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Repression roused her consciousness

By unknown | Sep 12, 2007 | COMMENTS [ 0 ]

Nthabisang Moreosele and Botshelo Selogilwe

Nthabisang Moreosele and Botshelo Selogilwe

Ohara Diseko was literally born into a political milieu where ANC and struggle politics were the bread of life. Most of her family and neighbours were involved in one way or the other to overthrow apartheid.

"I became involved in the struggle while still young. I remember my sister (Justice Minister Bridget Mabandla) and her group coming home after they founded the South African Students' Organisation (Saso).

"When the combi stopped, the radio was blaring: Say It Loud, I'm Black and I'm Proud by James Brown, or Nina Simone's To Be Young, Gifted and Black.

The high spirits infected the younger ones, who started questioning their inferior education and the matric quota system.

"It was a control mechanism to keep blacks in order. Blacks were channelled into the classics and humanities instead of the sciences. That is why the country still has a shortage of maths and science teachers.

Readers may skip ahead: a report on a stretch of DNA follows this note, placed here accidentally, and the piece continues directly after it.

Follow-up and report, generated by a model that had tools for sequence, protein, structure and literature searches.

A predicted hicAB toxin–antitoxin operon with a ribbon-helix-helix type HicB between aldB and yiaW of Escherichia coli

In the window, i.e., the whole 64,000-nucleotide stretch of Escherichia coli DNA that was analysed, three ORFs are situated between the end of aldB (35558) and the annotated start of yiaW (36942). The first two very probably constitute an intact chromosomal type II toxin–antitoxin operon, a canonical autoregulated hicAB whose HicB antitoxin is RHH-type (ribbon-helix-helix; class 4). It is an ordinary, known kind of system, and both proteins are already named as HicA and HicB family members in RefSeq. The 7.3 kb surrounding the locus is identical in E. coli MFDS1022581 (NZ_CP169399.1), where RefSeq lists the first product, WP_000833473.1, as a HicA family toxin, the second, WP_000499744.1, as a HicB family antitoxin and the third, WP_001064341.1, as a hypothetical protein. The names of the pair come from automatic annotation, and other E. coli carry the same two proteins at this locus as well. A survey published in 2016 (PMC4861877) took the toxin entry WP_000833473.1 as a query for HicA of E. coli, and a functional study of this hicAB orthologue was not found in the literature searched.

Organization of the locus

"But apartheid sharpened our self-worth. My mother constantly said: 'Education is your husband. You must make a book your friend.'

"Through Saso members we learnt: 'Black man you are on your own.'

"Steve Biko was our role model. He taught us to believe in ourselves."

Diseko enrolled at the University of Turfloop and joined Saso. She was fascinated by the seniors who did not look down on the juniors, but who engaged them in political discussions.

These discussions led to the discovery of black writers such as Franz Fanon, Eldridge Cleaver, Angela Davies and many others.

"Saso was banned when Onkgopotse Tiro put a spanner in the works. Blacks were not allowed to attend graduation ceremonies. Tiro, then SRC president, made a blistering speech about the fat, white wives of the university officials attending the ceremony at the expense of black parents.

"The news of his speech spread and we believed that the revolution had begun. We were jubilant."

The army invaded the campus. Students were expelled.

When Diseko left Turfloop, she went to teach at Soweto's Orlando North High. She was very unhappy about the kind of education black children received.

"I taught education for liberation because it can never be value-free. It was then that I went underground. Joe Gqabi recruited me. I never wavered about the cause. Tiro's and Biko's deaths only strengthened and heightened my consciousness."


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